…and also the days the tickets are eligible to be used.

Except for one day tickets, these tickets have eligibility ranges greater than the actual number of park days that can be used. Two and three day tickets have two extra calendar days they might be used; tickets with four through seven days of park admission have three extra days, and tickets with eight to ten days have four extra days.

This allows guests some flexibility for off days, visits to other Orlando attractions, or for working around family, illness, or weather issues. It also allows, I would guess, for a bit of start-day arbitrage for guests who are willing to give up some flexibility.**

For guests with calendar flexibility, the system will also let you seek low cost days…

…and for those who want to lock into a set of tickets and not worry yet about start dates, an option to pay more for flexible dates will also be available. This option also provides the longest date range of eligible use—fourteen days—regardless of the actual number of days in the ticket.

Disney has two intentions behind this change.

  • One is to shift guests from higher-wait periods to lower wait ones, thereby increasing the satisfaction of the shifted guests (though not that of those who had already planned to go those dates because they held the promise of be see lower crowds)
  • The second is to extract more value from those who, regardless of pricing, choose the more popular dates

Both these have already been in place at Disney World in some fashion for years. Resort prices have worked this way from time out of memory. And over the last three years, Disney World has restructured the prices of its various types of annual passes to shift many people into lower-cost pass options that block out many of the most popular dates—resulting, for example, in starkly lower summer waits the past three summers.

The new approach to date-based pricing is much less complicated than many had feared it would be. Yes, you need to pick a date or pay a premium for flexible dates—but you always have had to pick a date; this new approach will simply incent that choice to even earlier. And yes, you will pay higher prices for some dates than others, even if you have no real choice in your dates—but this has also always been true for hotel prices.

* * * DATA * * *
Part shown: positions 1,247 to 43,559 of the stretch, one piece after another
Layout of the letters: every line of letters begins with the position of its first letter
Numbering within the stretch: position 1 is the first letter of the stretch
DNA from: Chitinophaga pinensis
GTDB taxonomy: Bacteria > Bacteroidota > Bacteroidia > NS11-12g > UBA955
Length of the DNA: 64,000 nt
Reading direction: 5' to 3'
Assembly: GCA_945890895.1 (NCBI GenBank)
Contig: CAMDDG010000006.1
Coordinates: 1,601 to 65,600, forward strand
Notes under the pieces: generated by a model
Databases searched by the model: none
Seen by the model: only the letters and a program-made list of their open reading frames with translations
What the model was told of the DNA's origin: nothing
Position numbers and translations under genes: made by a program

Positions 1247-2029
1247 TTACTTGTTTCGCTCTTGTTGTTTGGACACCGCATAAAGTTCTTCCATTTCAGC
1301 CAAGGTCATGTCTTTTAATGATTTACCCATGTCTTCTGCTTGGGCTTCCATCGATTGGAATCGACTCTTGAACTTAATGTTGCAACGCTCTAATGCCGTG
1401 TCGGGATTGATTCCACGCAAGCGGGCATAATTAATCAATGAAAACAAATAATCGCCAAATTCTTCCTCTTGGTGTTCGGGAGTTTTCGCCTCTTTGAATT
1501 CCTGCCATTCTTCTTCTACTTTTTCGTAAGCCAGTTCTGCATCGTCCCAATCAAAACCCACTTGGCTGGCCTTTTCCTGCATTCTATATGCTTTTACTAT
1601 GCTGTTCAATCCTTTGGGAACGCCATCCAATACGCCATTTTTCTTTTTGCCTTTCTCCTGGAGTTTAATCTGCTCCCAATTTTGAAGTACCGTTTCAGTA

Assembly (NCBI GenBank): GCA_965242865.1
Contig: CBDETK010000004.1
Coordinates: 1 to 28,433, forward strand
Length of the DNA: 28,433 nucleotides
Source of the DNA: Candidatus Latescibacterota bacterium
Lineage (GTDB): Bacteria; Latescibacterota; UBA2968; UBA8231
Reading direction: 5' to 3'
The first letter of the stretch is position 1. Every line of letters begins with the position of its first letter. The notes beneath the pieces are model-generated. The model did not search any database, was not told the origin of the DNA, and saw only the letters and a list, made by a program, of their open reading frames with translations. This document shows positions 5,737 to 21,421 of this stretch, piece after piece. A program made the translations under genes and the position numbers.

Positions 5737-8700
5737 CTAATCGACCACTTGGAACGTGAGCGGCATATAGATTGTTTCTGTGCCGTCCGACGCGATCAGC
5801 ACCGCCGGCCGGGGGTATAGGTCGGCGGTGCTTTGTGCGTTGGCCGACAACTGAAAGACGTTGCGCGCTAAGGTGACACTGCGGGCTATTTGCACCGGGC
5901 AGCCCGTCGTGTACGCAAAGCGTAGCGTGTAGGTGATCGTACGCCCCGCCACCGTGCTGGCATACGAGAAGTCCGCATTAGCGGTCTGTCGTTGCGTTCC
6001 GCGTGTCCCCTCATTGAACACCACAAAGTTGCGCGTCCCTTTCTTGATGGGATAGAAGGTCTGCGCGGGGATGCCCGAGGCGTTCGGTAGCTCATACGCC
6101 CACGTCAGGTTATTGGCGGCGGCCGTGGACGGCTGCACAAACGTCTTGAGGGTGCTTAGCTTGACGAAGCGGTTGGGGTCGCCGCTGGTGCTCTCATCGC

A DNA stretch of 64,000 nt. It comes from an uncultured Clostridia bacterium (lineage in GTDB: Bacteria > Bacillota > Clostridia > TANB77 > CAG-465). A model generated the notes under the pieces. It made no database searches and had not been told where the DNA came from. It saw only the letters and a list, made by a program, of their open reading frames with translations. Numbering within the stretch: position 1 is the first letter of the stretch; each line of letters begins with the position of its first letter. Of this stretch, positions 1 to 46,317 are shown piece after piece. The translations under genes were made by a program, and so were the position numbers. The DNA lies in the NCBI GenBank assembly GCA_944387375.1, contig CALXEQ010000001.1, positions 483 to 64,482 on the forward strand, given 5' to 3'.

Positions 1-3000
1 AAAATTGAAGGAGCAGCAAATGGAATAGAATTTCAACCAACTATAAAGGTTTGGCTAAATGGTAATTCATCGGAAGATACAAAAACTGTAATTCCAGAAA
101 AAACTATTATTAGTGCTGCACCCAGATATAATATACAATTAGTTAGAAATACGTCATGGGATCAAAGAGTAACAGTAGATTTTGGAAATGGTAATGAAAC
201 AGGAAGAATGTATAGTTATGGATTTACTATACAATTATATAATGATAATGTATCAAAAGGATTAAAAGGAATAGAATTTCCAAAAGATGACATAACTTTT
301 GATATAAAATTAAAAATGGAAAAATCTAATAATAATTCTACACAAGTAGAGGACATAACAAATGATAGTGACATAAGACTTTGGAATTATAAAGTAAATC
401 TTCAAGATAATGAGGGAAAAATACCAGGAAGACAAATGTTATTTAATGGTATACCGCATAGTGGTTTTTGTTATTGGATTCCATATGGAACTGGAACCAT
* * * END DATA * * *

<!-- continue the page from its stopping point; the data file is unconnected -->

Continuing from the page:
The impact on park waits is still to be seen, and will be partly shaped by the actual price differences among dates. Higher price differences will level out crowds across the year to some as-yet unquantifiable extent, making formerly bad dates better and formerly good dates worse, although the impact is yet to be seen and good daily planning will still pay off quite a bit. Lower price differences will have less impact on the flow of crowds across the year.


*All screenshots are from Disney’s video here.

**For example, say you plan to be in the parks for three days, on exact dates—e.g. February 3 through February 5. The two extra calendar days your ticket can be used on a three day ticket means your start dates could be February 1, February 2, or February 3. If you are willing to give up the option to use your tickets on February 6 or February 7, then picking February 1 or 2 as your start day, rather than February 3, in some scenarios might save you some money.


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September 25, 2018   13 Comments